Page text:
We also plan to introduce new programming, including manuscript consultations and editorial services, as well as a book club and the occasional gathering. Our close partnership with the Dogfish Reading Series will continue, and it’s our hope to organize a reading for our students twice a year.

If you have any questions or suggestions, please feel free to reach out. After all, you—the students—make these classes what they are. Your enthusiasm and dedication to writing is what spurred us to start the New Orleans Writers Workshop.

Check out our website and our spring course schedule.

We’re looking forward to writing with you.

Jessica Kinnison

Allison Alsup

Tom Andes

Anya Groner

Support young writers!


Each spring, more than 150 young New Orleans writers in grades 9 – 12 gather on a Saturday to meet authors, take workshops, and celebrate the writing life. For the past two years, I’ve had the privilege of teaching at LitFest, and the conference means so much to the students who attend. Seriously, they wait all year for LitFest, and they wear their LitFest T-shirts proudly for years afterwards.

2017 marks the 10th annual LitFest, a day-long event with screenwriting, poetry, fiction, comic art, creative non-fiction and story game workshops, spoken word performances, a youth open mic, and a guest keynote writer (TBA). Previous keynote speakers include Ricky Laurentis, Richard Siken, Deb Olin Unferth, and Lorrie Moore.


Though LitFest is a favorite event for young writers, funds are drying up! Please help me raise money to keep LitFest going for an additional ten years.

“LitFest is a great way to explore — with other quirky, imaginative students — different types of writing, like screenwriting and food writing. The minute I stepped out of LitFest last year, I wanted to sign up again!” said high school junior Ryanne Autin.

Another high school student, Clara Souvignier reflected, “There’s never a dull moment at LitFest, and what I gain from all of the lessons and workshops is really priceless. The community that comes together at LitFest is so unique, and you know when you get there that you’ll be making friends.”

The participating artists — including fiction and nonfiction writers, poets, a screenwriter, a documentary filmmaker, a dancer, and a spoken word artist — take the students seriously as writers and people. They treat the students like the aspiring professional artists that they are.

Coordinated by Lusher faculty member Brad Richard and NOCCA faculty member Lara Naughton, LitFest is a fairly inexpensive event to put on. The money we fundraise will be used to pay guest artists and workshop leaders. If we raise enough money before January 1,  we’ll be able to provide lunches for students and offer an additional afternoon workshop. Any additional funds we raise will be used to support future LitFests.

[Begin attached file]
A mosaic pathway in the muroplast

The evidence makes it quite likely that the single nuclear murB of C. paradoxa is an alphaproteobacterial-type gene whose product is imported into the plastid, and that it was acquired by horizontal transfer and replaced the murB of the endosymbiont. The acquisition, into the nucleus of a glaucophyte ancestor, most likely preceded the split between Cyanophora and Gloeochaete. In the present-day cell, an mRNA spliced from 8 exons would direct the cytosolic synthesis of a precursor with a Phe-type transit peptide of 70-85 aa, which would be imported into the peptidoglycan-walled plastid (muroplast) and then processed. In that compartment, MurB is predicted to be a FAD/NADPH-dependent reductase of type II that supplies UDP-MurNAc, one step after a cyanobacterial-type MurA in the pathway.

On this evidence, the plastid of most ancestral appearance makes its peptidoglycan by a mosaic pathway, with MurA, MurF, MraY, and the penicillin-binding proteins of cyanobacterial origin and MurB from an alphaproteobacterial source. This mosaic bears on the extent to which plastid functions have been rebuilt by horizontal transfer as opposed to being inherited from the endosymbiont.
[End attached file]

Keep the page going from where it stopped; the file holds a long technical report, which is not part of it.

Thank you for supporting New Orleans’ promising young writers!! They are so talented and eager to learn.

Please spread this to friends, book groups, relatives, libraries, and anyone else who cares about teens and writing!

Writing the Personal Essay–9 week course

I’ll be teaching a 9-week course through the Loyola Writing Institute. The course is open to the public and limited to 12 students. The class will meet for two hours every Thursday, beginning on Sept 22, 2016. Feel free to email me with questions.  You can register for the course here.

Writing the Personal Essay: In this course, students of all levels will draw on a combination of research and life experience to produce polished essays on subjects of their choosing. Students will read essays by award-winning authors such as Eula Biss, Joan Didion, Susan Orlean, Leslie Jamison, Kiese Laymon, and John Jeremiah Sullivan and, through class discussion, consider aspects of craft, structure, and content. Short, generative exercises will provide opportunities to practice specific writing techniques including dialogue, pacing, reflection, and characterization. During the last several weeks of class, students will workshop their own personal essays. The course will conclude with a discussion of revision, publishing, and developing a personal practice of writing.

Buckets and Balloons

I wrote about Public Lab and the Louisiana Bucket Brigade, two New Orleans environmental groups that use simple tools–buckets and balloons–to find and monitor oil spills. The entire article is available at Guernica.

Petrochemical operations tend to cluster in poor and predominantly Black neighborhoods. Residents learn about the Bucket Brigade from individuals already engaged in monitoring activities. Typically, the Bucket Brigade gets involved when community groups ask for their assistance. Education, Rolfes says, is crucial because it “empowers individuals to take a stand.” Learning the names of pollutants, symptoms of exposure, data collection methods, and advocacy skills can be transformative. “It is so time consuming to win and the wins can sometimes be temporary,” Rolfes says, “but the advantages [of community science] to an individual . . . last forever. It’s not me swooping in and doing the work. It’s them. They aren’t intimidated anymore.”